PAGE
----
20. The method of claim 1 wherein at least one member activates video bookmarks from one device and views the video on a different device.
21. The method of claim 1 wherein a format of the video changes depending on the device used to view the video.
22. The method of claim 22 wherein the video can be viewed in a teletext format.
23. The method of claim 1 further comprising: presenting video bookmarks to the member as the member is viewing the video, each video bookmark presented at the corresponding time point in the video, wherein the member selects a video bookmark in order to make a comment attached to that video bookmark.
24. The method of claim 1 further comprising: presenting SNS button(s) to the member while the member is viewing the video, wherein the member selects an SNS button in order to share the member's comment with members of that social network service.
25. The method of claim 1 wherein the video bookmark is a thumbnail of the video image at the marked time point.
26. The method of claim 25 further comprising: capturing the thumbnail from the video while the member is viewing the video.
27. The method of claim 25 wherein the thumbnail is captured before the member views and comments on the video.
28. The method of claim 1 wherein the social network service is Facebook.
29. The method of claim 1 wherein the social network service is Twitter.
30. The method of claim 1 wherein the comment is an instant message.
31. The method of claim 1 wherein the video is a broadcast of a live event.
32. The method of claim 1 wherein the video is a broadcast of a prerecorded video.
33. The method of claim 1 wherein the video is a broadcast premiere of a prerecorded video.
34. A computer program product for use with a computer, the computer program product comprising a non-transitory computer usable medium having a computer program code embodied therein for sharing video between members of a social network service (SNS), the computer program code performing the steps of: in real-time while one or more member(s) are each viewing a video: receiving comments about the video from the viewing member(s); organizing the comments into a discussion thread for the video, the discussion thread further comprising video bookmarks, wherein the comments are attached to video bookmarks that mark time points in the video corresponding to the comments; and sharing the discussion thread with members of the social network service according to privacy rules for the social network service, wherein members can join or modify their viewing of the video by activating video bookmarks and can provide further comments to the discussion thread; storing the discussion thread for subsequent searching by members of the social network service; and publishing public parts of the discussion thread for subsequent searching.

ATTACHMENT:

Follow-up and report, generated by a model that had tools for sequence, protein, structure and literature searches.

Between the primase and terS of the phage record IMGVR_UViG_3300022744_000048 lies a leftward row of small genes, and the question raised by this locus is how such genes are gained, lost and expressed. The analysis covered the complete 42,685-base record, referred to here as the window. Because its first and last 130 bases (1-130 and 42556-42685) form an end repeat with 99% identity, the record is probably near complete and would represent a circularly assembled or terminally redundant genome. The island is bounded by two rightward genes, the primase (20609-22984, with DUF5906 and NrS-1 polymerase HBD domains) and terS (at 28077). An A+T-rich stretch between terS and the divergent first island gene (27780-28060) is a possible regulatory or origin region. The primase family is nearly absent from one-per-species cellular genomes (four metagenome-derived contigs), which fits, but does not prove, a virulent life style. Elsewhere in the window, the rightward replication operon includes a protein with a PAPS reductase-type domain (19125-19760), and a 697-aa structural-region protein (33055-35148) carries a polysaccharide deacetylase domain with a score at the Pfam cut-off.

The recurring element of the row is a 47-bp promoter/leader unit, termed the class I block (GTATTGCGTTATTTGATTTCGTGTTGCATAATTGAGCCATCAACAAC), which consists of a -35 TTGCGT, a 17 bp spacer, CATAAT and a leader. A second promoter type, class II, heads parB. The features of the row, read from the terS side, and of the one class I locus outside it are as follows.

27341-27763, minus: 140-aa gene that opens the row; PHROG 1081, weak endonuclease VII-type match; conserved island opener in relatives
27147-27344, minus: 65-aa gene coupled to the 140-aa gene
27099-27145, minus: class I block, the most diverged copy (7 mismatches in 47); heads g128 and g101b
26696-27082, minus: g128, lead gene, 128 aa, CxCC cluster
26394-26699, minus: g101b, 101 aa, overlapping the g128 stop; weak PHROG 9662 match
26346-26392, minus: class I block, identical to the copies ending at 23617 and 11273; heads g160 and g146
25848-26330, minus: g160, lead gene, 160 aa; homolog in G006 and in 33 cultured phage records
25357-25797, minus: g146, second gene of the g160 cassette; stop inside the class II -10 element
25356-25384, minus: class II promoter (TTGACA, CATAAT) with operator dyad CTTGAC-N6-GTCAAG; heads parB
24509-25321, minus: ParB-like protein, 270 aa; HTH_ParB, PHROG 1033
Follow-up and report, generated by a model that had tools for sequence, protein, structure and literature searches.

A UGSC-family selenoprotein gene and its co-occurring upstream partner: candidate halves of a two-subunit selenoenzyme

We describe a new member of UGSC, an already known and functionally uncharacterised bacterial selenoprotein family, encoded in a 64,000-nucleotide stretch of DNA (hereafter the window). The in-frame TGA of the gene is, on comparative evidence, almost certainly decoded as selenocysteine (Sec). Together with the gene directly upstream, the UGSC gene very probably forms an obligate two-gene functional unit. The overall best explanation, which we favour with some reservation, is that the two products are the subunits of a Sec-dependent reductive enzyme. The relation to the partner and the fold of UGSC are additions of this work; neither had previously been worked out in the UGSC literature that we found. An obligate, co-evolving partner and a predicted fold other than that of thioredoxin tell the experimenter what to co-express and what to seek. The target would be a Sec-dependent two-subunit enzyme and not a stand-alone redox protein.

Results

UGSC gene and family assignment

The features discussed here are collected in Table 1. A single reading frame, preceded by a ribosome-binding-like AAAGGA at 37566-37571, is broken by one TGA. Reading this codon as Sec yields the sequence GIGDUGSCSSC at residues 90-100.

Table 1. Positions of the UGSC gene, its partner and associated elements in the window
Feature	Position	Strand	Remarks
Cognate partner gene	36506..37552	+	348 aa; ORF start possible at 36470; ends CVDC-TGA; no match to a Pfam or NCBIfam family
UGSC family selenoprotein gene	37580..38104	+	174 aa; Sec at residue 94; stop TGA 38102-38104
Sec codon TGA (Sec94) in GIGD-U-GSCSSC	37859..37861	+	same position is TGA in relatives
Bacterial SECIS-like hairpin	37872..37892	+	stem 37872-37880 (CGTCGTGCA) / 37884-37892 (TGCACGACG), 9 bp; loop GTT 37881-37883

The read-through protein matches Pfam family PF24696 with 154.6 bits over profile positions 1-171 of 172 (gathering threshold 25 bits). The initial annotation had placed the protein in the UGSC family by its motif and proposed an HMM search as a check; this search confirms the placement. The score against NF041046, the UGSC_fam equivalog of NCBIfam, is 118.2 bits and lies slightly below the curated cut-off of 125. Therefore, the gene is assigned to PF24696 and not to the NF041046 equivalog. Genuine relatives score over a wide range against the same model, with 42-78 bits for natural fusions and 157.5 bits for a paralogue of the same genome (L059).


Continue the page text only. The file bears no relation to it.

BACKGROUND OF THE INVENTION
 1. Field of the Invention
 This invention relates generally to sharing personal information about multimedia content, including for example using other people's comments about videos as a basis for a personalized program guide to videos.
 2. Description of the Related Art
 For many years, television was the dominant form of easily accessible multimedia. As such, it often formed the center of social activities. In the early days of television when not every household contained a television, multiple households might meet at a certain time at a certain place (the place with the television) in order for everyone to watch a certain television program. This behavior was driven by technological constraints. There was only one television and the television program could only be viewed at one specific time determined by the broadcaster.
 Advances in technology have essentially removed these constraints. Televisions are now so inexpensive as to be ubiquitous and programming can be viewed on many devices, not just televisions. Furthermore, time-shifting technologies now allow broadcast programming to be recorded and viewed at any later time. Many other types of programming can simply be accessed at any time. Today, it is not uncommon for every person to have personal gadgets for accessing and viewing many different types of multimedia content, not just television, at all times. Thus, it is not uncommon for members of today's household to all be in the same room, but with each member viewing his/her own program on his/her own device. This is in stark contrast to the behavior from long ago. Thus, one might conclude that the behavior of sharing a video-viewing experience is now obsolete, since advances in technology have removed the constraints that in the past forced this behavior.